Safa tempo seems to be the only type of vehicle unfazed by the ongoing fuel embargo. How did it get popularised?
I was a lecturer in Thapathali Campus in 1993 when a group of Americans from USAID came to us with a proposal to replace the older diesel-based Bikram Tempos with energy-efficient electric tempos. We built the first prototype at a makeshift workspace at the campus and replaced the engine while keeping most of the body intact.
Lots of names were thrown around casually after the first prototype was ready. Some suggested ‘Swachha Yatayat’ but finally ‘Safa Tempo’ was finalised because it was simple and easy to remember. All of this happened before the government’s decision to remove Vikram tempos from the street. This was just a pilot project when we proposed it to PL Singh, the mayor of Kathmandu then. After DANIDA and US Embassy got involved in the project, the tempos finally started their service to the general public.
There were talks about manufacturing the tempos here in Nepal but that didn’t happen. What was the reason?
It was just a whim. Yes, there were talks and the National Planning Commission was involved but it didn’t happen. Another interesting project I was working on though was using ethanol as a substitute for petrol. We bought clean spirit with the purity of 96.5 % and ran our bikes on it for six months. Shri Ram Sugar Mills donated us 1000 litres of ethanol, which my colleagues and I tried to popularise as a substitute for petrol and diesel. But it never really caught on. I tried to revive the project when Ram Sharan Mahat was the Finance Minister and again when Baburam Bhattarai was the Finance Minister. In the end, we realised that unless Nepal Oil Corporation showed interest and involvement, there was no chance of the project succeeding.
“The gist of the problem is we have never really increased the capacity of our bureaucracy.”
You have worked in a top, decision-making level position. Why did these projects never materialise, even with your involvement?
It’s all about execution and implementation. Everyone, from the farmers of Bajura and the shopkeepers of Sarlahi to those in the planning commission, knows what needs to be done for the development of the nation. What we don’t know is how to actually do it.
As far as the doing part is involved, the gist of the problem is we have never really increased the capacity of our bureaucracy. Most of the bureaucrats, the civil servants, are mostly the sons of farmers. There are only two risks that can challenge the farmers; one is inadequate rainfall and the other is heavy rainfall.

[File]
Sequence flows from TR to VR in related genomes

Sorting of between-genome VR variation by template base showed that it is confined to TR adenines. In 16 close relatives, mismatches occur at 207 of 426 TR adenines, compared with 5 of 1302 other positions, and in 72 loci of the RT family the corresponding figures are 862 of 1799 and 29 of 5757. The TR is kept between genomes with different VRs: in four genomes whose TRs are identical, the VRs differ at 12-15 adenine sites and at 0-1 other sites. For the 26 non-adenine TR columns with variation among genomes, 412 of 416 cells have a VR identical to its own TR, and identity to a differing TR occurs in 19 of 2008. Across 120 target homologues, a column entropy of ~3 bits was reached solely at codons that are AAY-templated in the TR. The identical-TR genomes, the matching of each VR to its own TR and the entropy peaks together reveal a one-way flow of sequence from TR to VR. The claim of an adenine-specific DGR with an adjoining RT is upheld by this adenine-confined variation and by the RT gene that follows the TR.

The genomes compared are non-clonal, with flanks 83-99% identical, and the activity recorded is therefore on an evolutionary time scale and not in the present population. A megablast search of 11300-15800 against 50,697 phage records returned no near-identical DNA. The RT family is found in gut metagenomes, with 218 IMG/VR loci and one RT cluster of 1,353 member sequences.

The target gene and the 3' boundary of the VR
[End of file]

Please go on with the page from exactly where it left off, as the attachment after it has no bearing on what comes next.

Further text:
Our civil servants should actually be well-versed with the repercussions a delay in, say, the processing of files could have for the entire nation. But the only thing they care about is the yearly harvest and his crop.
The other thing is our development partners like the World Bank and Asian Development Bank take our bureaucrats abroad for training them in several programmes like nuclear safety, climate change budgeting and social empowerment. But what about training and analysis in projects in our own backyard like financial analysis of our hydropower projects or say, a contract for pipeline to deliver gasoline? Capacity building is happening to wrong people and for wrong reasons. It’s more than a quick getaway than a capacity building exercise.
So what needs to be done to correct this trend?
There needs to be a marriage between bureaucracy and the private sector. Without it, like a household hampered by a failed marriage, our country can never really prosper.
The bureaucrats think of the private sector as an entity established only to earn profits but what options do they have after going through all the problems created by bureaucracy? The private sector draws large margins when risk is involved and hence, there is no competitiveness and things like favoritism and monopoly take shape and not even the private sector can deliver.
Moreover, our experts only do the talking. For example, the same company which never completed a much smaller project several years back wanted to bag the tender for the Fast-Track project linking Nijgadh and Kathmandu. On top of that, as if to hide its incompetence, they turned to ultra-nationalism by saying how the project should be headed by a purely Nepali team. This is the state we are in.
What is your stand on the fast track?
We need to borrow the expertise and skills from foreigners and go ahead with the project in such a way that it does not become a burden to the nation’s economy and it’s handed to the government of Nepal in 25 years.
How important is the fast-track project for Nepal?
More than its importance in strengthening the nation’s infrastructure, I think the project is important in restoring the hope of the youth and make them stay in Nepal.
Nepal has experienced an economic growth rate of 7% only once in all of its history and only because there was a stable government. Unfortunately, the civil war ensued immediately and certain sections were restricted only to certain spheres. The presence of the government was restricted to the cities and the district headquarters, the private sector within cities and in the villages only INGOs were present.
Every year, roughly 4-5 lakh youths are ready for the job market. Not counting those in India, there are nearly five million youths from our working force serving in many countries worldwide because there are no wealth generating activities here in Nepal. To correct this trend, the importance of the project and similar projects like these cannot be stressed more.